i say do the world a favour and go for it. :happy:
 
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on second thoughts an istp might find it soul destroying to be restricted to such a rigid schedule. nurses put in fierce long hours, and then there's the fact that alot of them by their nature would clash a bit with yours and you might just become allergic to all your work colleagues. unless maybe you become a doctor of some kind. i'd imagine an istp would pay a close enough attention to all the details and leave no stone unturned in making sure my daughter gets the best care. a doctor who doesn't follow everything the pharmaceutical companies tell them, i swear to god it would make you sick when you see the muddled way our hospitals are run, it's a disgrace. a doctor who speaks the truth and who isn't afraid to give you the cold hard facts when you need to hear them would be an asset to any hospital. and there's be no farting about filling out forms asking the most pointless questions like i kid you not "does mummy and daddy live at home together?" i mean seriously, wtf? why do they need to know that? what business is it of theirs? i told her where she could stick her form and i'd imagine an istp doctor would not stand for that kind of retardation. wasted energy, stressful for everyone.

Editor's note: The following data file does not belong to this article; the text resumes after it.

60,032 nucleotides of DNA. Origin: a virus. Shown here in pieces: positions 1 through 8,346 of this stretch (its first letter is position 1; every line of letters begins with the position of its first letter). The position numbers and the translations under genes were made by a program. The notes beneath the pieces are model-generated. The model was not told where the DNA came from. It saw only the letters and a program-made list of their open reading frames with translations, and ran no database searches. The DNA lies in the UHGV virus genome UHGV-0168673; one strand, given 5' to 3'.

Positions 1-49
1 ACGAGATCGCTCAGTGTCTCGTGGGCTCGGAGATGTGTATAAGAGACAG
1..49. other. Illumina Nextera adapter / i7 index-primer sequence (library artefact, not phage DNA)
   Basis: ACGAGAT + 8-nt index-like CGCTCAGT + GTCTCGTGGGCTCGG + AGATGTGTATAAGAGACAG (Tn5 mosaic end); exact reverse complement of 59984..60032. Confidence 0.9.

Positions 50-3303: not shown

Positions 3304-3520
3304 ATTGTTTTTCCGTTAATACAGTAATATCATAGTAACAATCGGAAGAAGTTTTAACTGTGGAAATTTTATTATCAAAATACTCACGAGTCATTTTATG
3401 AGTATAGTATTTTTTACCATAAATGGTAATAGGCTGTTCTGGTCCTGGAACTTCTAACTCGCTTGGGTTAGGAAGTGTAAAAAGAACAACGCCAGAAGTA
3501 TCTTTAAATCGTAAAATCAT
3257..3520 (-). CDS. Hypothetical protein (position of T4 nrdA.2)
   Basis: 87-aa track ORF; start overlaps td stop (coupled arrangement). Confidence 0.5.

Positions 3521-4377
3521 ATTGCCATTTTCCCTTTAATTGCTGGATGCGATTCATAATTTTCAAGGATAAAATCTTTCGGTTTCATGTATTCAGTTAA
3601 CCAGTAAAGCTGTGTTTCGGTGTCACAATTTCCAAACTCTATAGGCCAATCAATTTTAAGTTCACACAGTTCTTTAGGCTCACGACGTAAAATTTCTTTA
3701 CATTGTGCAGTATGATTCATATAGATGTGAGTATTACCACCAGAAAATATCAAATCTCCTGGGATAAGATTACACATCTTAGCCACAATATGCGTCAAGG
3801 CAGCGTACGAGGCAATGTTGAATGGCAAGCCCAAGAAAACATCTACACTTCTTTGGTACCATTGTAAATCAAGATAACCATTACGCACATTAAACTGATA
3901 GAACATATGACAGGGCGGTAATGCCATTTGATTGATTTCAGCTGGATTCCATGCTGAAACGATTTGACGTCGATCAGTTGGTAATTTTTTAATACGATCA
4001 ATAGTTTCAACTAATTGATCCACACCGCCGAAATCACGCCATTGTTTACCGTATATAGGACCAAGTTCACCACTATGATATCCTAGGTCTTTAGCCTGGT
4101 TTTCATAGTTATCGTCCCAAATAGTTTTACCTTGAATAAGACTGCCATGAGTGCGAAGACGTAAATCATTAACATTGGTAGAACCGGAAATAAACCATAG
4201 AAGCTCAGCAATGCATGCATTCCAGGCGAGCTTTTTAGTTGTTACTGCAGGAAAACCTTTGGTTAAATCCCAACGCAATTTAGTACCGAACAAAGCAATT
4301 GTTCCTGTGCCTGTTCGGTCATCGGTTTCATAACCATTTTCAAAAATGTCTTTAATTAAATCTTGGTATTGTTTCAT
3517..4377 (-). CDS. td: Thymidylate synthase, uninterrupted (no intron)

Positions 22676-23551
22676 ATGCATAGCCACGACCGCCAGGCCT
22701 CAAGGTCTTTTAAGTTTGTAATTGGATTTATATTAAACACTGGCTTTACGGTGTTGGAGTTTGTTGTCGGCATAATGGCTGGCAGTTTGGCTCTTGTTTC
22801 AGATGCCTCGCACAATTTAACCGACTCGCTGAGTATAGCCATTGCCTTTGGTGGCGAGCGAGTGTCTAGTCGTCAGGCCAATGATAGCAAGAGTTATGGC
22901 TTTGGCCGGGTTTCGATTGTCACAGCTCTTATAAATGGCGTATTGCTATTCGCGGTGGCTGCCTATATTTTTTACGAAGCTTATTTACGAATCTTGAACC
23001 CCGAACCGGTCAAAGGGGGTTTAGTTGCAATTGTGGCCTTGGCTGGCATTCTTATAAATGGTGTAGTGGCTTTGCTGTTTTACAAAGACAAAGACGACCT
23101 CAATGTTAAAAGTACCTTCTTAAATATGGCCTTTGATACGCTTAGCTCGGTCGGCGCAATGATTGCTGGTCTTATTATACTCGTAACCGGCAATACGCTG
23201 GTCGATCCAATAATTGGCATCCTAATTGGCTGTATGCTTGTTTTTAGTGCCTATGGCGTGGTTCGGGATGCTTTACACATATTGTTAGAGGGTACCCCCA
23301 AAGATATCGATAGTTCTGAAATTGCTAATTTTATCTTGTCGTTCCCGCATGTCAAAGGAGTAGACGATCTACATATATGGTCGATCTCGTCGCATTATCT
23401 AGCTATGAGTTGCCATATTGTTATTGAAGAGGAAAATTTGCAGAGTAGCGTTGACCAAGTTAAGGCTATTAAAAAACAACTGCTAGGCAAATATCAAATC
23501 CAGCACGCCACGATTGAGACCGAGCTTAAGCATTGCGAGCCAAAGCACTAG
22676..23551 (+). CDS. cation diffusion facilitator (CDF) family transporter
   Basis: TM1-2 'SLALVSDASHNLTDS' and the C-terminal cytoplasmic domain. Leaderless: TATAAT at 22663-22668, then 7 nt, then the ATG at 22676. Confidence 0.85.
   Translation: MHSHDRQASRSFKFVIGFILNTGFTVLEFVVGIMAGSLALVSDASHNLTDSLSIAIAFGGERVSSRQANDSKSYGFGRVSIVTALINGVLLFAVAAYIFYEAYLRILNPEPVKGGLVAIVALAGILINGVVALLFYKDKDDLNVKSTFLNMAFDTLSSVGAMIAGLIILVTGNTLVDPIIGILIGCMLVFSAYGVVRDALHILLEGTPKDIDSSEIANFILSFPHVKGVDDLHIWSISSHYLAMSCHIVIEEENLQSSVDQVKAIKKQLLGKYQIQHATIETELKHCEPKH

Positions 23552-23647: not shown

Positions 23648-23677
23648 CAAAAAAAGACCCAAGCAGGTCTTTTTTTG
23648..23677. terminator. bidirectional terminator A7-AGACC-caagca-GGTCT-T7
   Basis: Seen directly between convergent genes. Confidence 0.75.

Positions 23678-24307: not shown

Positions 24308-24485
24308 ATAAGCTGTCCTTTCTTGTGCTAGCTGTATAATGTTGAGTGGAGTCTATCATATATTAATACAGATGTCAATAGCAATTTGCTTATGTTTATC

istp's are hilarious too. in the kind of stressful environment of dealing with misery it's refreshing to have someone make you laugh. laughter is the best medicine after all. it has been proven it helps your chances of recovering. actually the more i think about it an istp doctor would be the best thing ever. i can just picture a jolly 50 year old istp doctor, a fucking guru from all his experience, going around making all the patients laugh and knowing exactly what to say to lift the situation before it descends into everyone crying.

somehow i don't think an istp male would like telling new people he meets that he's a nurse. i think an istp would hate that.am i wrong?
 
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I can handle blood and guts with no problem. When it comes to puke and shit, well things get a little touch and go. This is why I am thinking about psych nursing because it won't require too much ass wiping, at least I hope it doesn't. Besides there are so many different areas of nursing to choose from that I could probably find something that will be a good fit for me.